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A new series of reports on Canada’s climate policies from the Office of the Auditor-General can be summarized in a few words: There is (a lot of) work to do.

Serious climate policy in Canada is still in the teething stage. The current federal carbon price of $50 a tonne – 11 cents on a litre on gasoline – is a good example. Carbon pricing is Canada’s main tool for slashing emissions, which is why the price is going to steadily rise in the years to come. But for now, it’s low enough to not make much of a difference.

A lot of policies have been rushed together over a short period. Some measures, such as a new clean fuel standard, are still works in progress. And since Ottawa’s 2018 Greenhouse Gas Pollution Pricing Act, there have been two federal elections, two minority governments, considerable provincial pushback and a long fight over carbon pricing that went all the way to the Supreme Court.

It’s been a challenging environment in which to try to make sound, sensible, cost-effective environmental policies.

That may explain some of the many problems cited by the Auditor General’s commissioner of the environment. The reports detailed (ample) room for improvement in five areas: helping fossil fuel workers as the economy shifts (not nearly enough help); making government operations greener (inadequate); hydrogen’s role in cutting emissions (possibly overstated); climate projects through Infrastructure Canada (oversight lacking); and carbon pricing (an array of issues).

Carbon pricing merits particular attention. In 2030, it will be $170 a tonne, or 38 cents a litre on gas. That’s a big impact on consumer and business decisions. But before we get there, there are some defects in the system that have to be fixed.

First, carbon pricing hits some harder than others. While the average household in Ontario (one of the provinces subject to the federal consumer carbon tax, since it has no carbon pricing of its own) will pay an estimated $578 in 2022-23, it will receive a federal refund of $712, for a net gain of $134. But the audit concludes that groups such as Indigenous people, often living in remote areas, with no other options than fossil fuels, are being disproportionately impacted.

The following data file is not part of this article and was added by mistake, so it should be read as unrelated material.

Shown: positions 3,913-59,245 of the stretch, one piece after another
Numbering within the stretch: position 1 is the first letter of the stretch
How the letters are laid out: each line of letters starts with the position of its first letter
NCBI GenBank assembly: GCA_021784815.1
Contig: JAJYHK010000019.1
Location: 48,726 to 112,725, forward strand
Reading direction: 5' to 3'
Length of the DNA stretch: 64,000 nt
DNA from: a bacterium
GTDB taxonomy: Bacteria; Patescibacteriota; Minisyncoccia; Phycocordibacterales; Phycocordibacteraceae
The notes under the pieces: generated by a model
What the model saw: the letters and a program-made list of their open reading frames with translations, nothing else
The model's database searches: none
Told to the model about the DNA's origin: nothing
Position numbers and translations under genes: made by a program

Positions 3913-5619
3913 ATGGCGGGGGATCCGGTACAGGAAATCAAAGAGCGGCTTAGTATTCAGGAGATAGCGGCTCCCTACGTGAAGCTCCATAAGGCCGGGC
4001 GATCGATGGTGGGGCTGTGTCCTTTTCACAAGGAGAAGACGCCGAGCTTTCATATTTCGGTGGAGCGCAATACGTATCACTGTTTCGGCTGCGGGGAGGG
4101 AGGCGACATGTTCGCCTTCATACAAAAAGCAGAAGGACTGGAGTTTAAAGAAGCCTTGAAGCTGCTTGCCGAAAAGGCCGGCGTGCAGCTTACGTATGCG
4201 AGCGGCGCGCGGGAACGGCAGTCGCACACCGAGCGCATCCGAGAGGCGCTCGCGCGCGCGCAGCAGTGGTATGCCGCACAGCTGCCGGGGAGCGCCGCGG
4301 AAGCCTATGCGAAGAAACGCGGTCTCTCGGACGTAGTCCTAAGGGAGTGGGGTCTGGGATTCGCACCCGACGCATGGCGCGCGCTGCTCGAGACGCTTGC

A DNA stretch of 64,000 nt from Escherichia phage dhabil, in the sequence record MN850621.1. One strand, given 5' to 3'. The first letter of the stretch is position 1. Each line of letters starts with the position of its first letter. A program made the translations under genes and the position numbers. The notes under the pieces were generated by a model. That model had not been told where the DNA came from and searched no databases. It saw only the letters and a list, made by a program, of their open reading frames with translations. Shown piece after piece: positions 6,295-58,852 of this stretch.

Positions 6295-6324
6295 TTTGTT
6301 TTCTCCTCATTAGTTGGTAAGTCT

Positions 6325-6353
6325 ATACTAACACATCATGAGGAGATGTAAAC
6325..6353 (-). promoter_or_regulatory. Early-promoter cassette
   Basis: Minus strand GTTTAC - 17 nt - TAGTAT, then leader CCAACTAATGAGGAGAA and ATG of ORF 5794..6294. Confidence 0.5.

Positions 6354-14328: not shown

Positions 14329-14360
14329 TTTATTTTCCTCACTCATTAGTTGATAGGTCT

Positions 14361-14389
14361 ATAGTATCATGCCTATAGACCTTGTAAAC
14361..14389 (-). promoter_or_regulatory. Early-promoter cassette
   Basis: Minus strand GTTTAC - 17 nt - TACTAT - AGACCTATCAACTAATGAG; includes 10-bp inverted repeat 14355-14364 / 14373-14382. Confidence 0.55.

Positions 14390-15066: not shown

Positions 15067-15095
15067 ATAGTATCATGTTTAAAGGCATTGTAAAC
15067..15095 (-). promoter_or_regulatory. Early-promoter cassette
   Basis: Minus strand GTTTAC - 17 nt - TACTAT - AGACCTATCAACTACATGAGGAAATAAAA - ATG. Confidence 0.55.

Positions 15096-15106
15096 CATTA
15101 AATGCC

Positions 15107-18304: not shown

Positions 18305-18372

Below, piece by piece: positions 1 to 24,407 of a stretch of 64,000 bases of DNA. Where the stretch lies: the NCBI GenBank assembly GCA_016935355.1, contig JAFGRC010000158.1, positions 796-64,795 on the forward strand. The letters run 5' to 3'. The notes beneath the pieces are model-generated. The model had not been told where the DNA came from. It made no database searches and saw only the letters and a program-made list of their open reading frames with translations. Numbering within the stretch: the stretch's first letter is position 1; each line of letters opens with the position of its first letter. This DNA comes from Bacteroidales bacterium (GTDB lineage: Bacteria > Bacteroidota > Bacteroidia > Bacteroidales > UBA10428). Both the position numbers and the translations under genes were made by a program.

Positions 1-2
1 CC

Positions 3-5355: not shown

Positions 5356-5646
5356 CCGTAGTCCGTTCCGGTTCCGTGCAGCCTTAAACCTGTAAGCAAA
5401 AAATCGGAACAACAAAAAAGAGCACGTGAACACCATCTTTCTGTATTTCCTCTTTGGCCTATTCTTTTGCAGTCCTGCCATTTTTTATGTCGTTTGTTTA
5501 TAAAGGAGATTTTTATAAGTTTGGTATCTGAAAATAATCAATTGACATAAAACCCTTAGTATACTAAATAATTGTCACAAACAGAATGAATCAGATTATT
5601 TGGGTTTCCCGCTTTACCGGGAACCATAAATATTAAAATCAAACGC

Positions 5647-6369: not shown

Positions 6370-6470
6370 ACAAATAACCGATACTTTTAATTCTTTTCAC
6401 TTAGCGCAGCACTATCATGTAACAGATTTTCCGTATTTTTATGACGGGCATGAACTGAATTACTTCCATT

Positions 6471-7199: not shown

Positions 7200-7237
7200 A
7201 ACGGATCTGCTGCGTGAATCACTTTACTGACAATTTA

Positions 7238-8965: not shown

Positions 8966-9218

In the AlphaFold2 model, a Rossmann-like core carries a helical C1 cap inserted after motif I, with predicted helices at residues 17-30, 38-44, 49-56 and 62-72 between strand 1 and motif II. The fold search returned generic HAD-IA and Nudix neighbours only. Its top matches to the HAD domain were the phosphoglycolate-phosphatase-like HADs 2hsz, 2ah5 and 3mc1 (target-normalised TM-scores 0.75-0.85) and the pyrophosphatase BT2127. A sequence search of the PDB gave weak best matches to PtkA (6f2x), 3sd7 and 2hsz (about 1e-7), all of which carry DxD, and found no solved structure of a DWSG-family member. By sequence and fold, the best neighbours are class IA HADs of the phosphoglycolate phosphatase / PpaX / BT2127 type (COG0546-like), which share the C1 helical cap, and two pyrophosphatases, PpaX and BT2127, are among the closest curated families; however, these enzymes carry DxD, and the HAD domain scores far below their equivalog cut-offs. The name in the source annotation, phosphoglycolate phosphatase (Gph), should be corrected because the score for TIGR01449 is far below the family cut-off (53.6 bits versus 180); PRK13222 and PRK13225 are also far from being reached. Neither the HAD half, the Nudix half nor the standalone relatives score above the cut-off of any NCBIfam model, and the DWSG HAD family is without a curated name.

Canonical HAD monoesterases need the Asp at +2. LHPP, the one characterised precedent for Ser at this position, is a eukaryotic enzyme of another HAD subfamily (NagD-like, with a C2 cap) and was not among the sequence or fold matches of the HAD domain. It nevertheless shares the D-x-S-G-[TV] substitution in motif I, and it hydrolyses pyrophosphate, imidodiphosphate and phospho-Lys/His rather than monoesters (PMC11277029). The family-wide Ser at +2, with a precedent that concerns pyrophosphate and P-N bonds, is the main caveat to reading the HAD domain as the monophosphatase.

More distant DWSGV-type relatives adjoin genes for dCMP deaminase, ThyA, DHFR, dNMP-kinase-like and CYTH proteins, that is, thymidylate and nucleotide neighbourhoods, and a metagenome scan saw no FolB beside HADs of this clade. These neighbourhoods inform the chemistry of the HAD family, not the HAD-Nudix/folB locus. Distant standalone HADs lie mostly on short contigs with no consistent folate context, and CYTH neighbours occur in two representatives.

The taxing of industry is also a question. Many industries have been largely insulated from the carbon tax. They are charged on only a fraction of their emissions, to discourage them from moving production to a jurisdiction with lower standards. If an industrial operation leaves Canada, moves somewhere with no carbon tax, and then exports products back to Canada, the net result is a loss of Canadian jobs, and zero environmental benefit. To prevent that lose-lose outcome, a bunch of industries (mining, oil, cement, steel and others) get a carbon tax break.

The principle is sound but the audit pointed to a number of provinces with weaker standards than necessary. Ottawa in the early going was overly generous in signing off on weak provincial plans. The federal government is trying to create a level playing field, but more rigorous rules aren’t set to start until next year.

Common standards within Canada are necessary, but not always in place. For example, in a recent update on industrial emissions, Ontario said it was aiming for a 30-per-cent cut by 2030, compared with 2005. That’s less than the 40-per-cent cut that is Canada’s overall goal.

While the federal Liberals have at times fallen short on their promises, consider the Official Opposition. On Tuesday, Jean Charest, a top candidate for the Conservative leadership, released his climate plan. He would end the consumer carbon tax and “implement” one on industry (there already is one). He would reduce Canada’s promised emissions cut. He would give provinces more say. The plan is not ambitious – but at least it’s kind of a plan. Pierre Poilievre, virulent opponent of the carbon tax, suggested he won’t put out a green plan while running for leader.

The audit is rightly critical of the many holes in Canada’s climate framework, but it underscored one fact: Carbon pricing is “essential if Canada is to finally succeed in significantly reducing its greenhouse gas emissions.” Under that umbrella, there is still a lot of work ahead for Ottawa and the provinces, to get the details right.

Getting the details right means significantly lowering Canada’s emissions – and choosing policies that do so as fairly as possible, as efficiently as possible, and at the lowest cost possible.

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